SWCP - Day 34 - Polperro to Portwrinkle/Crafthole

sunny 22 °C

Steps / Distance: 39,204 26.74 km
Rating: moderate, then strenuous

Beautiful sunny day and the only thing that touched the ground was the bottom of my shoes! So much better than yesterday.

I started with a walk through Polperro, which I hadn't seen yesterday. Not sure what the round plaques on the wall represent, other than they're all people, I think.

6 or so benches with a great view and a pulpit make for a nice outdoor church.

Followed by a WW1 memorial

Still on the moderate-rated section, Talland Bay. This is the first time I remember seeing red rocks.

Portnadler Bay. And, of course, I took a rest on this bench. In case it's hard to read, it says "A place for Debbie...and for you"

Samphire Beach. Cows taking a rest in the shade.

Arrived in West Looe and took a small ferry to East Looe. I was the only one on the ferry, but then the max is 8

Millandreath Beach

And now, up on the hills and roads inland, which included walking past a monkey sanctuary (or at least the sign for it). That white smudge in the middle of the second pic is Portwrinkle, still a ways away.

And back down to Seaton Beach, where I met up again with my friends from Austin and we walked the seawall and beach to Downderry. There's a nice beach and a shallow stream where the younger kids were playing away from the ocean waves and currents.

After Downderry, the path led very steeply upwards, and then further up and then up some more. Followed by ups and downs, until it descended sharply into Portwrinkle.

I was so happy to reach Portwrinkle and felt pretty good, ready for the "10 minute walk inland to Crafthole" where I'm staying tonight. Well, not so much 10 minutes. The hill up was the steepest and longest of the day. By the time I'd walked the almost 45 minutes to my b&b, I was exhausted. Apparently, there is an easier path 🫤 and my route to the path tomorrow will not include that hill. My b&b room is like a little cottage in the woods. And I have a comfy couch.PXL_20230622_153254085.jpg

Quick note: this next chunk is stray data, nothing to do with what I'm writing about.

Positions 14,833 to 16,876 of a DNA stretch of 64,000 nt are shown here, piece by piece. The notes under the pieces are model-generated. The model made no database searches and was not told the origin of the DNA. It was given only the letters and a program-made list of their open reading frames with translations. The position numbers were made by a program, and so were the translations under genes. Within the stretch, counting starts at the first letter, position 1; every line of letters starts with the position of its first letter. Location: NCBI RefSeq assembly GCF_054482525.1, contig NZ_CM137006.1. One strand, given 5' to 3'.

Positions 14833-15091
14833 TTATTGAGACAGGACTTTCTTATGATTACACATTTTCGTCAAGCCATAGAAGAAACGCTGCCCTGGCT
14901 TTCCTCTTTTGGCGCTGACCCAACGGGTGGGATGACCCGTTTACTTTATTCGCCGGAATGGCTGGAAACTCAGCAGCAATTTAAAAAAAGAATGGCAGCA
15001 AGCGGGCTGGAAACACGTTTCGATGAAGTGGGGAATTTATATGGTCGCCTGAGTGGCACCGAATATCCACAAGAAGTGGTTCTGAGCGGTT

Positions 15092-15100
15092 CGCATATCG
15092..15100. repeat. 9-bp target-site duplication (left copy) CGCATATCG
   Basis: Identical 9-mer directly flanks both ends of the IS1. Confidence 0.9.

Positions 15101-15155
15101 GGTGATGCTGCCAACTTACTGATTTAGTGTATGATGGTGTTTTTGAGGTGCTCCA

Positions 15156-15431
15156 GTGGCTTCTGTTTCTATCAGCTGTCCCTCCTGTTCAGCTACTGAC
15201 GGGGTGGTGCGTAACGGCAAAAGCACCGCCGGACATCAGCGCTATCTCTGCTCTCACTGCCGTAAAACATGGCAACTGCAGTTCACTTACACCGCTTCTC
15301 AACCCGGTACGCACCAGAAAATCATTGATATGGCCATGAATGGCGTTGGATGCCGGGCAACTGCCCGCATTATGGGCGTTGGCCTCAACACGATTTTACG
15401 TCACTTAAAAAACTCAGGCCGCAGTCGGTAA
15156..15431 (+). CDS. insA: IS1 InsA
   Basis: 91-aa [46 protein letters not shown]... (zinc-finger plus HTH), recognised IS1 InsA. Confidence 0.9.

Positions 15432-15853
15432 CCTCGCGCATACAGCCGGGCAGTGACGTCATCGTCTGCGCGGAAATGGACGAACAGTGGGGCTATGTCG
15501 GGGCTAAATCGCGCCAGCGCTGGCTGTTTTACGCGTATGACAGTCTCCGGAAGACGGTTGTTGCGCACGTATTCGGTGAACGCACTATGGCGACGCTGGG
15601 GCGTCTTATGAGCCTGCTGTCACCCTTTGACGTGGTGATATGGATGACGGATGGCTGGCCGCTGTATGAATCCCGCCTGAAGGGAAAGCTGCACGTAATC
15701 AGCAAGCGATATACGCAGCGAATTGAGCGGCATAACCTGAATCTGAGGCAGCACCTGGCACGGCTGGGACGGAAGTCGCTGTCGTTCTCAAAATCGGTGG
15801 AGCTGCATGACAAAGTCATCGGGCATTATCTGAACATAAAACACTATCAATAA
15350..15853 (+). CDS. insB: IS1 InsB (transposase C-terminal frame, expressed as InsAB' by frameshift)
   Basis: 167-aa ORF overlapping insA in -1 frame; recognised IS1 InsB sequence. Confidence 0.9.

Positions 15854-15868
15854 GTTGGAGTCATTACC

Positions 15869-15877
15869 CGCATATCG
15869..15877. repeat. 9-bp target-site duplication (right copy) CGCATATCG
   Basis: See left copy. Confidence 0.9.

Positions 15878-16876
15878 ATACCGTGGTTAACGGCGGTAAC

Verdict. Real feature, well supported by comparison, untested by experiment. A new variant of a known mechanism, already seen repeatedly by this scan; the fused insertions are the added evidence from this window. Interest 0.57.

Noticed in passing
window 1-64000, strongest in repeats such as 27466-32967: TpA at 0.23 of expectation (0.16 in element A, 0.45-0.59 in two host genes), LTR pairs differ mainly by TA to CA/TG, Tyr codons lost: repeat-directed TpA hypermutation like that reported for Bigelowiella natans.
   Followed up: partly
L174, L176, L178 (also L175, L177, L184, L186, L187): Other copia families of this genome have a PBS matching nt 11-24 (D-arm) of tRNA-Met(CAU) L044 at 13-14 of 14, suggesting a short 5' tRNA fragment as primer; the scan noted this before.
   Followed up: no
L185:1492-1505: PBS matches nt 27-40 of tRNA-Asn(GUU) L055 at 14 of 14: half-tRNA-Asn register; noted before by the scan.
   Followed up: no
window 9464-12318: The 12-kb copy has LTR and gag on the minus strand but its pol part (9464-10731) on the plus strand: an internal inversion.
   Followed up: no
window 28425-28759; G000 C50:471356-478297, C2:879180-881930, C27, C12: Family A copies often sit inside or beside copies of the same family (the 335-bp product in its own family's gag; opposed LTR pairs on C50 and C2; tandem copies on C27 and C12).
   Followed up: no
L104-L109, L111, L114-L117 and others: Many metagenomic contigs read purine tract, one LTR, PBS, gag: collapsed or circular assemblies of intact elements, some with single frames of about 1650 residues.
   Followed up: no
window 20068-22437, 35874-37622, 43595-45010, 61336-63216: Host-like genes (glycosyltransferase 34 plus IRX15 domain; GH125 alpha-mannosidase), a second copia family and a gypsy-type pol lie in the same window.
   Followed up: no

Posted by Deb Godley 19:12 Archived in England Comments (0)

SWCP - Day 33 - Par to Polperro

semi-overcast 20 °C

Steps / Distance: 35,067 23.9 km
Rating: moderate to Fowey; strenuous thereafter

The expectation, based on the guidebook, was 3 hrs to Fowey, a ferry, then 3.5 hrs to Polperro. Well, the morning took me a lot longer - more than 4 hrs. The morning forecast said no rain, so when it started to pour, I had to futz around with rain gear, but of course it stopped the minute I had all my gear on. I walked another hour, but then took it off because I was sweating too much in it. Then, walking along, I suddenly saw a huge hexagon spider web strung across the path. It started me and I stepped back, slipping into a brambles ditch. I was like a turtle on my back - I couldn't get up. So I undid and shimmied out of my pack and scrambled to my feet with a muddy, wet butt. Fine, so much for my clean clothes. As I walked on, the path became more overgrown and was wet from the overnight and morning rains. I was soon soaked to the top of my thighs with water squishing in my boots. I actually had to pour water out of my left boot.

I trudged on and was dry - except for the boots, by the time I reached Fowey and the ferry.

Looking back at Par and forward

Nice path, until I fell. That's my bag in the ditch.

Gribbin Head Daymarker, a navigation aid, painted bright colours to be seen during the day. Close up and from a distance after I passed it

Polridmouth Cove

Coming up to Fowey and pics from the ferry

Polruan, after the ferry and lunch, leaving town

Lantic Beach and view of Pencarrow Head

And the other side of Pencarrow. I skipped walking out to the end of the head and took a shortcut trail to the other side 😁

Broughton Bay and Lansallos Beach

These are tough climb-overs; it's higher than it looks in the pic

I took a footpath up to the road, rather than walk to Polperro and backtrack to my b&b. Like yesterday, I enjoyed ending the day's walk with some easy, flat, pavement on a quiet road. Passing this farm made me think of Saskatchewan.

When I was settled into my room, after washing my dirty clothes (the wash water ended up super muddy), I tweezered out 6 or 7 slivers from my hand from the fall in the brambles. And I've stuffed newspapers in my boots to help them dry out, hopefully by morning.

Posted by Deb Godley 17:37 Archived in England Comments (0)